Modify your local /etc/ceph/ceph.conf to include an osd entry:
osd_class_update_on_start = false

I THINK you have to hup the osd service but I'm not really sure to be honest right now
systemctl restart ceph-osd.target


You can see the crushmap in the UI @ Host >> Ceph >> Configuration

To understand a crushmap we need to do the following.
  1. Export and decompile a crush map
  2. Read and edit a crush map
  3. Import a crush map
  4. Rules to Pools

Get crushmap to compiled file
ceph osd getcrushmap -o crushmap.compiled

Decompile the crushmap
crushtool -d crushmap.compiled -o crushmap.text

Compile the crushmap, maintaining original compiled crushmap file (you choose how you want to manage the files)
crushtool -c crushmap.text -o crushmap.compiled.new

Import the new crushmap
ceph osd setcrushmap -i crushmap.compiled.new

Now that we know how to edit a crushmap, let's edit a crushmap!

Creating New Rules

Alright, we have a new class created but not really doing anything. So now we need to associate a class to a rule.

Using the above crushmap instructions, decompile and edit your crush map rules. The default rule name with ID 0 is something like replicated.

I decided to delete the default rule and replace it with 3 rules. The rules are what link the classes to the pool, which we'll do in the last step. Delete the original rule id 0 and replace with these 3. This works for this example as we have 3 devices types but your discretion here what you do to your own environment. Most would create an SSD and HDD rule, for example.

# rules
rule replicated_hdd {
    id 0
    type replicated
    min_size 1
    max_size 10
    step take default class hdd
    step chooseleaf firstn 0 type host
    step emit
rule replicated_ssd {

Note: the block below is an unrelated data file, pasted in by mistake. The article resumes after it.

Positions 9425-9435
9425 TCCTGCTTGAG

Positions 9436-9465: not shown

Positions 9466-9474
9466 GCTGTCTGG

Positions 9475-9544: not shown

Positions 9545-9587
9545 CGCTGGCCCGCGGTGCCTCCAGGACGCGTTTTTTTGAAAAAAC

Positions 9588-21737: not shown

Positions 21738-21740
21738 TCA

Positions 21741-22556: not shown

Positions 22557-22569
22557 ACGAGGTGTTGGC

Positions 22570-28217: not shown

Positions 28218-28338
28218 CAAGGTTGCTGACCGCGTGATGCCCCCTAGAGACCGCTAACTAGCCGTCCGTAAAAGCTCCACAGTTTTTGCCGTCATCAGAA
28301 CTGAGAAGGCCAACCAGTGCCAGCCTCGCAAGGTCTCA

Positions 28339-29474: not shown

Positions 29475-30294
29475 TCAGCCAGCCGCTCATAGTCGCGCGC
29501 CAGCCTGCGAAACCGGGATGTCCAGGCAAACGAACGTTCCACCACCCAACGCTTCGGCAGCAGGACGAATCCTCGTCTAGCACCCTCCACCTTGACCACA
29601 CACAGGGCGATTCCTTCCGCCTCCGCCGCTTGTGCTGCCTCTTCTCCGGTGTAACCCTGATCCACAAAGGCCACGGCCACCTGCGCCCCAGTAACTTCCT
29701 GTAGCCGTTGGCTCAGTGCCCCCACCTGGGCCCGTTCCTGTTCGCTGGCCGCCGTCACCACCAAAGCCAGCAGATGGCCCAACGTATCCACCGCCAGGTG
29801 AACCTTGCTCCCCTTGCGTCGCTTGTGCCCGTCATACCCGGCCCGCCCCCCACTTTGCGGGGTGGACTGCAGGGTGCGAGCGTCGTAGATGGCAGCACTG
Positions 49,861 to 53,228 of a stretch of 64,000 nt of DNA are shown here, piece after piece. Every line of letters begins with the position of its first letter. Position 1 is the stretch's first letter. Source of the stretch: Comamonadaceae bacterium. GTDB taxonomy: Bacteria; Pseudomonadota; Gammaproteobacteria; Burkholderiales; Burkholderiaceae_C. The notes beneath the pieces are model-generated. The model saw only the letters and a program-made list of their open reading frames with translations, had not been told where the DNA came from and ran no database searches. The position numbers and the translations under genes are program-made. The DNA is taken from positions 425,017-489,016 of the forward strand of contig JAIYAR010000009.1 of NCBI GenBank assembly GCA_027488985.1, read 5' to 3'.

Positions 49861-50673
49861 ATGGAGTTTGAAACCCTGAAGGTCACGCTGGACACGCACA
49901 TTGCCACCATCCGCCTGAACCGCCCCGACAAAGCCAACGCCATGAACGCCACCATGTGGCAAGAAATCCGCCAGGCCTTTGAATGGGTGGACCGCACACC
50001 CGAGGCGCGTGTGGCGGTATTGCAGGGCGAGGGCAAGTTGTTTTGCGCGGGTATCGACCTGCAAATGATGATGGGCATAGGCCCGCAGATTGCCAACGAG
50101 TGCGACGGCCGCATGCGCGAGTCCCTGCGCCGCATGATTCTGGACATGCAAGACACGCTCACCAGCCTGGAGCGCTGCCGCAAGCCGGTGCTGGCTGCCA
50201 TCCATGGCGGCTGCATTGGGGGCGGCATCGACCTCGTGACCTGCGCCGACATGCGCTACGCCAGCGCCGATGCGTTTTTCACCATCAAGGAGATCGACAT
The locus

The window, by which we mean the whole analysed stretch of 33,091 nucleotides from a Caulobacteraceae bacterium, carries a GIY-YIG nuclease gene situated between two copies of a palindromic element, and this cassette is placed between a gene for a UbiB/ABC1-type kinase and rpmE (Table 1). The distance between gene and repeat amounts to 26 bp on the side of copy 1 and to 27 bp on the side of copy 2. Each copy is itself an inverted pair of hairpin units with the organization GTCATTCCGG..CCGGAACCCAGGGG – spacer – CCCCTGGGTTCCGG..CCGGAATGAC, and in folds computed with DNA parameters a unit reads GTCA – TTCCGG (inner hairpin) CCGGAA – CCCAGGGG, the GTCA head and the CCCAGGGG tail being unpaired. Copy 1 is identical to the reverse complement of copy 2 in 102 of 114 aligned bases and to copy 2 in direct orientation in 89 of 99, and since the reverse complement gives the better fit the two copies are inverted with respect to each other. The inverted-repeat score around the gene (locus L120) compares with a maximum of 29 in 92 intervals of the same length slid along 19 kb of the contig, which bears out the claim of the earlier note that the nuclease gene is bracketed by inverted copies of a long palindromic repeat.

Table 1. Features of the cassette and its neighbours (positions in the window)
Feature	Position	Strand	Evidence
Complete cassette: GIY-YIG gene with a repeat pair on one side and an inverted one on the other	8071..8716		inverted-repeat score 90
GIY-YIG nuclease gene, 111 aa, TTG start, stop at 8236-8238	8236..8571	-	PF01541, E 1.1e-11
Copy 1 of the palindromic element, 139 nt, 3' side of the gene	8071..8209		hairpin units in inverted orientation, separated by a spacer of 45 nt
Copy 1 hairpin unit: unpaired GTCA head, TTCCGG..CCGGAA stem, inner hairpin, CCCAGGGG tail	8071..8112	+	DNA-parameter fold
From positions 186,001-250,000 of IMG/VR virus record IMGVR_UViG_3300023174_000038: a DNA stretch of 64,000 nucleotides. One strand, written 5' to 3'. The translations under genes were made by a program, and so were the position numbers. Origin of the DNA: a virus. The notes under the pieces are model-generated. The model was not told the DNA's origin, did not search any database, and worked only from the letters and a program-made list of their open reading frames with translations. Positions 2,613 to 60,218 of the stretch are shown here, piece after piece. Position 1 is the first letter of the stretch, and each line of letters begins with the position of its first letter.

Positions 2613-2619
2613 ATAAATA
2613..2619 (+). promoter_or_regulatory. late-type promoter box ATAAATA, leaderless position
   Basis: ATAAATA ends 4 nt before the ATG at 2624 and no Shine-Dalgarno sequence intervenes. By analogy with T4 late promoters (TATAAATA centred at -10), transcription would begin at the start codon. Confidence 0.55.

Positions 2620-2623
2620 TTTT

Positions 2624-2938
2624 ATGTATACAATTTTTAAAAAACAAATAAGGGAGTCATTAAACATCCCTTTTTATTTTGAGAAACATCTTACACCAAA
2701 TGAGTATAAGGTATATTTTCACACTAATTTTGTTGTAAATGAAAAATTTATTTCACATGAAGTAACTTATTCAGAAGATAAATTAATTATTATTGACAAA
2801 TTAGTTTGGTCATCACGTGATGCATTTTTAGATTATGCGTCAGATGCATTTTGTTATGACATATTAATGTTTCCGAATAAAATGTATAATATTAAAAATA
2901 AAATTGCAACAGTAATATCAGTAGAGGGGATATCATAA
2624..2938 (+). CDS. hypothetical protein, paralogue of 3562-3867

id 1
    type replicated
    min_size 1
    max_size 10
    step take default class ssd
    step chooseleaf firstn 0 type host
    step emit
rule replicated_nvme {
    id 2
    type replicated
    min_size 1
    max_size 10
    step take default class nvme
    step chooseleaf firstn 0 type host
    step emit

Don't forget to compile and import your new crush file!

You can test the crushfile like so, but --show-X fails for me for some reason as of this writing:

crushtool -i crushmap.compiled.new --test --show-X

Create Pool
Go into Proxmox UI Host >> Ceph >> Pools

Create a pool name, like pool-ssd, and bind the new rule to that pool name. This will result in any new device that is associated with a particular class, automagically get associated with a pool based on your need. I think this is pretty damn cool. Don't you?

Your new rules are available in the pool creation:
Screen Shot 2019-11-09 at 9.05.25 PM.png

Screen Shot 2019-11-09 at 9.14.15 PM.png

Screen Shot 2019-11-09 at 9.14.39 PM.png

Now you can do the following:
  • Upload ISOs to a pool resource and ALL nodes will be able to install from it. Woohoo!
    • Ceph is RBD storage only in this case and therefore doesn't support ISO Image content type, Only Container and Disk Image
  • I believe now HA is feasible as you can push VMs to these shared pools. Which is what I'm going to test out tomorrow.
  • Install VMs on media that works best for your need